• fruit and vegetables in season in september

    In season in september Fruit Blood oranges Grapefruit Lemons Mandarins Oranges Pineapple Red papaya Rockmelon/cantaloupe Strawberries Tangelo Vegetables Artichokes Asparagus Avocados Broccoli Broccoflower Cabbage Carrots Cauliflower Chillies Chinese greens Gai lan (Chinese broccoli) Garlic Ginger Green asparagus Green beans Hass avocados Leeks Lettuce Mushrooms Onions Peas Potatoes Pumpkin Silverbeet Spinach Spring onions/green shallots Vine sweet minicaps The perfect blood orange sorbet 10 blood oranges 125g white sugar Juice of 1/2 lemon Scrub two oranges well, then finely grate the zest. Roll each orange on the work surface to release the juice, then squeeze until you have 350ml juice, fishing out any seeds (I used nine in total, but as they vary in size, its wise to have some spare). Heat 100ml of the juice gently in a pan with the sugar, stirring to dissolve. Allow to cool slightly, then add the remaining juice and that of the lemon. Chill. Freeze in an ice-cream maker according to instructions, or pour into a strong plastic box and put in the coldest part of the freezer. After 90 minutes it should have frozen round the edges – take it out and beat vigorously with a fork, electric whisk or in a food processor until you have a uniformly textured icy slush. Put back in the freezer and repeat at least twice more every 90 minutes, then freeze for at least another hour. Eat as soon as possible for the best texture.
    Last Updated 2016-08-25 00:00:00

    0 fruit and vegetables in season in september

    4.67 of 3 votes

    In season in september Fruit Blood oranges Grapefruit Lemons Mandarins Oranges Pineapple Red papaya Rockmelon/cantaloupe Strawberries Tangelo Vegetables Artichokes Asparagus Avocados Broccoli Broccoflower Cabbage Carrots Cauliflower Chillies Chinese greens Gai lan (Chinese broccoli) Garlic Ginger Green asparagus Green beans Hass avocados Leeks Lettuce Mushrooms Onions Peas Potatoes Pumpkin Silverbeet Spinach Spring onions/green shallots Vine sweet minicaps The perfect blood orange sorbet 10 blood oranges 125g white sugar Juice of 1/2 lemon Scrub two oranges well, then finely grate the zest. Roll each orange on the work surface to release the juice, then squeeze until you have 350ml juice, fishing out any seeds (I used nine in total, but as they vary in size, its wise to have some spare). Heat 100ml of the juice gently in a pan with the sugar, stirring to dissolve. Allow to cool slightly, then add the remaining juice and that of the lemon. Chill. Freeze in an ice-cream maker according to instructions, or pour into a strong plastic box and put in the coldest part of the freezer. After 90 minutes it should have frozen round the edges – take it out and beat vigorously with a fork, electric whisk or in a food processor until you have a uniformly textured icy slush. Put back in the freezer and repeat at least twice more every 90 minutes, then freeze for at least another hour. Eat as soon as possible for the best texture.

  • The Katering Show

    The Katering Show Anyone in the catering  industry, restaurant industry  or anyone into their food and wanting a great laugh? You must watch  The Katering Show Available on IView iview - the katering show   Warning - not for children
    Last Updated 2016-08-11 00:00:00

    0 The Katering Show

    4.75 of 4 votes

    The Katering Show Anyone in the catering  industry, restaurant industry  or anyone into their food and wanting a great laugh? You must watch  The Katering Show Available on IView iview - the katering show   Warning - not for children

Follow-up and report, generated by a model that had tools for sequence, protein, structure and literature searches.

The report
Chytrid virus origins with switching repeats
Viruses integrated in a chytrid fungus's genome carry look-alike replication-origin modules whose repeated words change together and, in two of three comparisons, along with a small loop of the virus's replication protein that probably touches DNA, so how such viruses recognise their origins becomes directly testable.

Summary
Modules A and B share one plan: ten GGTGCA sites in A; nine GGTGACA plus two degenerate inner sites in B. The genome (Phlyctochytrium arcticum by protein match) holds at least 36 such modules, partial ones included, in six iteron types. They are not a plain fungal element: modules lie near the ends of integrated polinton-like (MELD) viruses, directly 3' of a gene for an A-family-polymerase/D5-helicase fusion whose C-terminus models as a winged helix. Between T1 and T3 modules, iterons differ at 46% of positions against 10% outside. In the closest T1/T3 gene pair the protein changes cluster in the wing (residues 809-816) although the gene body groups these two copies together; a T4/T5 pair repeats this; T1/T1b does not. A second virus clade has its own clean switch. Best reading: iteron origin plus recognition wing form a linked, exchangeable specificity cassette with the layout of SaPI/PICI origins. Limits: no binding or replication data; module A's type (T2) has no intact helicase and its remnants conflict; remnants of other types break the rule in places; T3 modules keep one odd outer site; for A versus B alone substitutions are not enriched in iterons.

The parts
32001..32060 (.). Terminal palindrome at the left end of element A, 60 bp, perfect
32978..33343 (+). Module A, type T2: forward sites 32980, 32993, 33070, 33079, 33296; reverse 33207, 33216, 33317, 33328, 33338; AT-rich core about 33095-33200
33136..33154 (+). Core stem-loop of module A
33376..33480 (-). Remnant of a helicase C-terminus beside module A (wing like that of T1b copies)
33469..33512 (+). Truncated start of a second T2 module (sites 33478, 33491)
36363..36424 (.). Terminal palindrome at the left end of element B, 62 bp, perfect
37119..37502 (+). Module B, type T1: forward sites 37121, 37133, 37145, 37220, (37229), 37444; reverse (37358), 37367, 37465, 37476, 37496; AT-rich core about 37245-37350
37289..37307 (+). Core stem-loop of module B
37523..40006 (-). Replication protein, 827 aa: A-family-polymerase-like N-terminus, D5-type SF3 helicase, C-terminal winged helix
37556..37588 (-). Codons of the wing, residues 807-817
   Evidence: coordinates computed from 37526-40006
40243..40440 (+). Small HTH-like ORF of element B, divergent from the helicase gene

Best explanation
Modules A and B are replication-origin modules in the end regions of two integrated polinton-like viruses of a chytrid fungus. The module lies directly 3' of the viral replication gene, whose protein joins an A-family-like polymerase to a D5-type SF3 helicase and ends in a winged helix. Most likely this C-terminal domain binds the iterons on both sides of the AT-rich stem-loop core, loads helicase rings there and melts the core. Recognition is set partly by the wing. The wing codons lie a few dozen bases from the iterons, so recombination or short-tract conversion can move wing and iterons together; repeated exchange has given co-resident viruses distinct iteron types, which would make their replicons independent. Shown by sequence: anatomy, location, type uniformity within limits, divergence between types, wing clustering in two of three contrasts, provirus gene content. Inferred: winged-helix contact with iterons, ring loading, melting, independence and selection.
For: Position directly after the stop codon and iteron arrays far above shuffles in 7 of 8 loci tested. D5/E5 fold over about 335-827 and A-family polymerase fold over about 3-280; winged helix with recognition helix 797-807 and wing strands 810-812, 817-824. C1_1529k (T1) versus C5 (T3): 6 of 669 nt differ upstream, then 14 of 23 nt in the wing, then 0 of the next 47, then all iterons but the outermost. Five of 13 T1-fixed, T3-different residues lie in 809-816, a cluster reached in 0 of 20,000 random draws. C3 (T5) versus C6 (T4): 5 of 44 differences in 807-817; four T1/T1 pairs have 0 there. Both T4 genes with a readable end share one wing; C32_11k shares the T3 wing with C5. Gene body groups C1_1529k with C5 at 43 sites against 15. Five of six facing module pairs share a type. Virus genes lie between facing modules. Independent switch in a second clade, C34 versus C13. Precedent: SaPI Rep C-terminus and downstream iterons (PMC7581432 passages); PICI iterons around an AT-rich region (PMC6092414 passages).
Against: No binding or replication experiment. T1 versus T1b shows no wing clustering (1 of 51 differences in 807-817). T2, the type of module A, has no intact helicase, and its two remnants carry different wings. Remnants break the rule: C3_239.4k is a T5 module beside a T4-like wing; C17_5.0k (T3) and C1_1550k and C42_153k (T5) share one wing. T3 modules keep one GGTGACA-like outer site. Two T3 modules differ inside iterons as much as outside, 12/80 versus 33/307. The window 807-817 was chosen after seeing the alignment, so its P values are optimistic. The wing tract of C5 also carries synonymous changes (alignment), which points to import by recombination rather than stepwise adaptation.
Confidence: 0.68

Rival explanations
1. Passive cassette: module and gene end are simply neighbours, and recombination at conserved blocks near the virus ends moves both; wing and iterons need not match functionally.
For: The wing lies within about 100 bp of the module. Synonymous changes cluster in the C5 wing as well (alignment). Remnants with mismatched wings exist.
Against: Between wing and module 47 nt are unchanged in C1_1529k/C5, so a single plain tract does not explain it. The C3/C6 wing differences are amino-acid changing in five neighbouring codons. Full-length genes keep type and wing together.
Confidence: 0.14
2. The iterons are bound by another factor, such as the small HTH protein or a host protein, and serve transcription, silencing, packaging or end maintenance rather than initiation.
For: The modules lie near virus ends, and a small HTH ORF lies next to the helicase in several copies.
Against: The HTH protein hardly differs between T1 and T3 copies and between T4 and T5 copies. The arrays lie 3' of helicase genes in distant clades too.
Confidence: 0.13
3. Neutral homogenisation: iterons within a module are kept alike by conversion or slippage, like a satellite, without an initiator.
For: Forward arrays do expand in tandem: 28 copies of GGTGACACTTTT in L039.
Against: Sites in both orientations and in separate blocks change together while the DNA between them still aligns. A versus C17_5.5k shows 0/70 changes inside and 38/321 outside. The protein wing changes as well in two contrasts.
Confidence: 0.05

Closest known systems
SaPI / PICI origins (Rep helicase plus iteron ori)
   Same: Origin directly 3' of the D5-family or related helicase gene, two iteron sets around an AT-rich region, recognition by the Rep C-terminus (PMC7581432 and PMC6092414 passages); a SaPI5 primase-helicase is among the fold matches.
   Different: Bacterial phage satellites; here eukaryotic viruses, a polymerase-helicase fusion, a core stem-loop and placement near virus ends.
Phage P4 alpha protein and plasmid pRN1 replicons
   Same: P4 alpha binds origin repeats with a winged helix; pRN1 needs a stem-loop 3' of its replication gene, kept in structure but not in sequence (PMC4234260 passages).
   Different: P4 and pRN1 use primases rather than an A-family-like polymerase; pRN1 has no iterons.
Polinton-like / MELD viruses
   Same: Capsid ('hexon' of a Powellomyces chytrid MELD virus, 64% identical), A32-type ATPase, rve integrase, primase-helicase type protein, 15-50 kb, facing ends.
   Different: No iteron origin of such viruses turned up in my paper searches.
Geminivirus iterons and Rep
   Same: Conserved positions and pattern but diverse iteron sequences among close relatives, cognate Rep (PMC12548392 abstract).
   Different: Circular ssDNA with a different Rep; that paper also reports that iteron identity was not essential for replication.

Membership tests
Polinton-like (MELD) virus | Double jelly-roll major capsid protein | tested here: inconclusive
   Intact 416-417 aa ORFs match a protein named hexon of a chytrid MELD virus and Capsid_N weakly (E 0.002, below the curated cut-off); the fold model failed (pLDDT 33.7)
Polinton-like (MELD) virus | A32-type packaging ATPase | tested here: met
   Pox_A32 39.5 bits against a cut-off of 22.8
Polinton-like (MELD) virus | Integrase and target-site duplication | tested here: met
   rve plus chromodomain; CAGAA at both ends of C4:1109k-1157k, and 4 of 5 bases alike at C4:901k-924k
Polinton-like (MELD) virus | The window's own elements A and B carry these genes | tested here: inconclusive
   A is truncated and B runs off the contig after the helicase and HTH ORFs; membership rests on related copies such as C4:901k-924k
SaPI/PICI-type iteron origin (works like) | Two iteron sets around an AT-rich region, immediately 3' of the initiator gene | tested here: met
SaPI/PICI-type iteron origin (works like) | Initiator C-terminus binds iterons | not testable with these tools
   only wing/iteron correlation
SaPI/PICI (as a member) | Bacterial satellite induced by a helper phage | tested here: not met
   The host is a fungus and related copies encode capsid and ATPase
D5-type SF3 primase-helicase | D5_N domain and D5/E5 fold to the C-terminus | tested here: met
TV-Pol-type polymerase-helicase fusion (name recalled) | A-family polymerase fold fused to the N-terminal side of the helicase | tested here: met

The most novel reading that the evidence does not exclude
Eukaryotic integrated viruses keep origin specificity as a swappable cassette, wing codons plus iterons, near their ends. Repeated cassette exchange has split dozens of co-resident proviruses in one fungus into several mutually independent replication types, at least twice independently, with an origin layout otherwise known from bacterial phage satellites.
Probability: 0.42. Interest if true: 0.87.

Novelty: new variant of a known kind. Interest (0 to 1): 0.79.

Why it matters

• What is in Season fruit and vegetables - August

    Seasonal Fruit and Vegetables - August Fruit Apples Avocados Banana Cumquat Grapefruit Kiwifruit Lemons Mandarins Oranges: Blood Oranges: Navel Pomelo Rhubarb Strawberries Tangelos Vegetables Beetroot Broccoli Brussels sprouts Cabbage Carrots Cauliflower Celeriac Celery Fennel Jerusalem artichokes Kale Kohlrabi Leeks Okra Onions Parsnips Potatoes Pumpkin Silverbeet Spinach Swede Sweet potato Turnips Witlof Sydney Catering Tips for Kids A great way for kids to eat some healthy vegetables is to lightly oil some Kale leaves and place in a hot oven for 3 minutes and serve straight away. The taste, crispy chips! Yum   What's New and Beneficial About Kale Kale can provide you with some special cholesterol-lowering benefits if you will cook it by steaming. The fiber-related components in kale do a better job of binding together with bile acids in your digestive tract when they've been steamed. When this binding process takes place, it's easier for bile acids to be excreted, and the result is a lowering of your cholesterol levels. Raw kale still has cholesterol-lowering ability—just not as much. Kale's risk-lowering benefits for cancer have recently been extended to at least five different types of cancer. These types include cancer of the bladder, breast, colon, ovary, and prostate. Isothiocyanates (ITCs) made from glucosinolates in kale play a primary role in achieving these risk-lowering benefits. Kale is now recognized as providing comprehensive support for the body's detoxification system. New research has shown that the ITCs made from kale's glucosinolates can help regulate detox at a genetic level. Researchers can now identify over 45 different flavonoids in kale. With kaempferol and quercetin heading the list, kale's flavonoids combine both antioxidant and anti-inflammatory benefits in way that gives kale a leading dietary role with respect to avoidance of chronic inflammation and oxidative stress. Source : WHFoods   Can You Eat Too Much Kale I was sent an interesting post about eating Kale, with the health benefits, nutritional facts, a some great recipes plus the potential side affects of eating kale. It may cause thyroid problems if too much is ingested in its raw form. The article is well written and informative by Joey Brono. Well worth a read!   Fruit and Vegetable season - September